Even Philip is academic enough to not consider the big one. Which is fraudulent profiteering and financial pillage. And/or political profiteering. Same things. Totally synthetic “economic” means which create inflation. In addition to his 4: (demand pull; cost push; scarcity spec; and exchange rate or debt driven)… Competition seems to be an accepted negative factor which brings inflation down due to enhanced productivity, but alas productivity trashes the environment and eats up both resources and energy… causing life itself to be out of reach…and also reduces demand drastically because it sucks the last breath out of labor/wages… and so what’s an economist to do? Heaven forbid they should all ‘fess up that the whole dame thing is a fantasy. Except for cheap wine.

  2. Watt4Bob

    All the modeling done by economists is part and parcel of the web of rationalizations necessary to support the bad behavior of the financial sector.

    Selfish behavior that badly impacts the common man requires excuses.

    1. diptherio

      Not just the bad behavior of the financial system players, but also of any corporate entity or captured regulator. Economics=Apologetics…at least as it is currently practiced.

  3. diptherio

    Here’s my take on a more realistic way of viewing employer-employee relationships:

    Labor Market as Ultimatum Game.

    And I have to say something about Allende. Phil seems to imply that Chile’s economic woes during the last two years of the Allende administration were self-inflicted. Perhaps to some degree, but let us not forget:

    According to notes taken by CIA director Richard Helms at a 1970 meeting in the Oval Office, his orders were to “make the economy scream.”

    Which makes it pretty difficult to tease out cause and effect and separate purely the economic results of policies from the political blow-back encouraged and funded by outside intelligence agencies.

    As for the actual topic of this piece: yes, the Phillips curve is ridiculous, no surprise there. The surprising thing is that Krugman is still, I take it, defending the concept. But then again, Krugman believing nonsense isn’t really all that surprising.

    1. Susan the other

      “Making the economy scream” was a CIA weapon. It had no basis in economics or equality or environmentalism. It was as toxic as a nuclear weapon.

  4. financial matters

    This is an important post. As Wray has emphasized stagflation is the cause of most US inflation rather than increased demand, so not related to Phillips curve. For inflation at less than full employment it depends on where the demand is generated. Inflation: too many speculators chasing too few commodities.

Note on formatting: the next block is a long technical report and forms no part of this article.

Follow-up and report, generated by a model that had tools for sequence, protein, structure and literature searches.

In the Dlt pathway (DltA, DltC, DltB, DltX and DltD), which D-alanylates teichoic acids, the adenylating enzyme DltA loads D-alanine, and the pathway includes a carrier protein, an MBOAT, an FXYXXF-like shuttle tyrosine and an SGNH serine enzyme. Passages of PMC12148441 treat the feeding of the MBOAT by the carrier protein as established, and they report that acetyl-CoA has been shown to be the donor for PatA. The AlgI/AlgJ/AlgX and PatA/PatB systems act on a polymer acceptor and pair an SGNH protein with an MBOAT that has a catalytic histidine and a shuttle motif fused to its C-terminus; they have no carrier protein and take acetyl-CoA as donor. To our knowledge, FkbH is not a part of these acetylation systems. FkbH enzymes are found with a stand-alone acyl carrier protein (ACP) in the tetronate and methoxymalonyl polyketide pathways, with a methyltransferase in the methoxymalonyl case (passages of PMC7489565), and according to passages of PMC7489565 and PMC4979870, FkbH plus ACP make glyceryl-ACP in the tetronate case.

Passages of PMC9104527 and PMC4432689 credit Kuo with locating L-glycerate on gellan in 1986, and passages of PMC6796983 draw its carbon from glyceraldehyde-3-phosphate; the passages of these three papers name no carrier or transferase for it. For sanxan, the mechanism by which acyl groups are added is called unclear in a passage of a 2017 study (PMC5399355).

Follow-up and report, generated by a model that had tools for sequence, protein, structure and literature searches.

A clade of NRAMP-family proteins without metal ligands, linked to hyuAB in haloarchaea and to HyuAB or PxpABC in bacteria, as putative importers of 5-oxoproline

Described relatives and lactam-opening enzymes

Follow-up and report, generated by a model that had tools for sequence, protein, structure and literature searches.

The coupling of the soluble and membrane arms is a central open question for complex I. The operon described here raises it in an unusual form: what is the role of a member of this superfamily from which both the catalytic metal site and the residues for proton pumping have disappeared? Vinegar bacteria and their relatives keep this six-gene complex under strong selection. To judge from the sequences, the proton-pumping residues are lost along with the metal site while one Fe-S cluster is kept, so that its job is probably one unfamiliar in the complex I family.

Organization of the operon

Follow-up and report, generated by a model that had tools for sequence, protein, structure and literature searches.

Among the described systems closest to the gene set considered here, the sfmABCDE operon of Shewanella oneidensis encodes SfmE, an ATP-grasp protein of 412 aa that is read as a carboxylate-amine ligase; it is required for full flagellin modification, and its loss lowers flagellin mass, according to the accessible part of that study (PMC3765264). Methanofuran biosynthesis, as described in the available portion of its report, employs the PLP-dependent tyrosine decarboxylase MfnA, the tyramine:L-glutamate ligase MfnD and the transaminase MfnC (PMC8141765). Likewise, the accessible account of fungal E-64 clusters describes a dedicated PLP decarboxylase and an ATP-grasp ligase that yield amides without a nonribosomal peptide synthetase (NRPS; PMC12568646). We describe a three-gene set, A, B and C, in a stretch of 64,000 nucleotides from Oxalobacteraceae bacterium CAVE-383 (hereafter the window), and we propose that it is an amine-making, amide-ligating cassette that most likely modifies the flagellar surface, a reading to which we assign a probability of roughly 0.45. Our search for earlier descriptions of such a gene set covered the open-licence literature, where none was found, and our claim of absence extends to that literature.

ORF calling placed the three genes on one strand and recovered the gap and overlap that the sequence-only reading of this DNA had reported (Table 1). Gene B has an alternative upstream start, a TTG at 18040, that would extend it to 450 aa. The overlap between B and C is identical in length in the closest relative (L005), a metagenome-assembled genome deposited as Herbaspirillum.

Taibbi emphasizes this commodity speculation as an important aspect of inflation. He notes that starting in the early 1990s and accelerating from 2003-2008 speculators have overwhelmed the commodities markets which formerly was more restricted to hedge positions from people who were actual producers or consumers of these commodities.


    1. Susan the other

      So was dedication to the Phillips Curve the ideological justification for off-shoring all our manufacturing? So we could prevent “inflation”?

      1. financial matters

        It does seem that it could be used in the war against wages. And in a broader sense as seeing unemployment as being useful rather than being seen as a failure to reduce the output gap.

        It’s not the federal debt that will hinder our children and grandchildren but austerity which limits the production of useful items and their educational development. And reducing the various benefits of basic research.

        Gar Alperovitz has a good discussion of the current success of various co-ops and worker owned projects which hang on to local jobs and provide for local demand.


  5. Miles Teg

    And Phillips used nominal wages not real wages… as pointed out eloquently by Anwar Shaikh long ago… so the neo-Keynesians made a fundamental error… but hey, they are not really neo-Keynesians… they do not even know the basics of the difference between uncertainty and risk… and rely on the ergodic axiom which Keynes explicitly rejected…

  6. Jim Haygood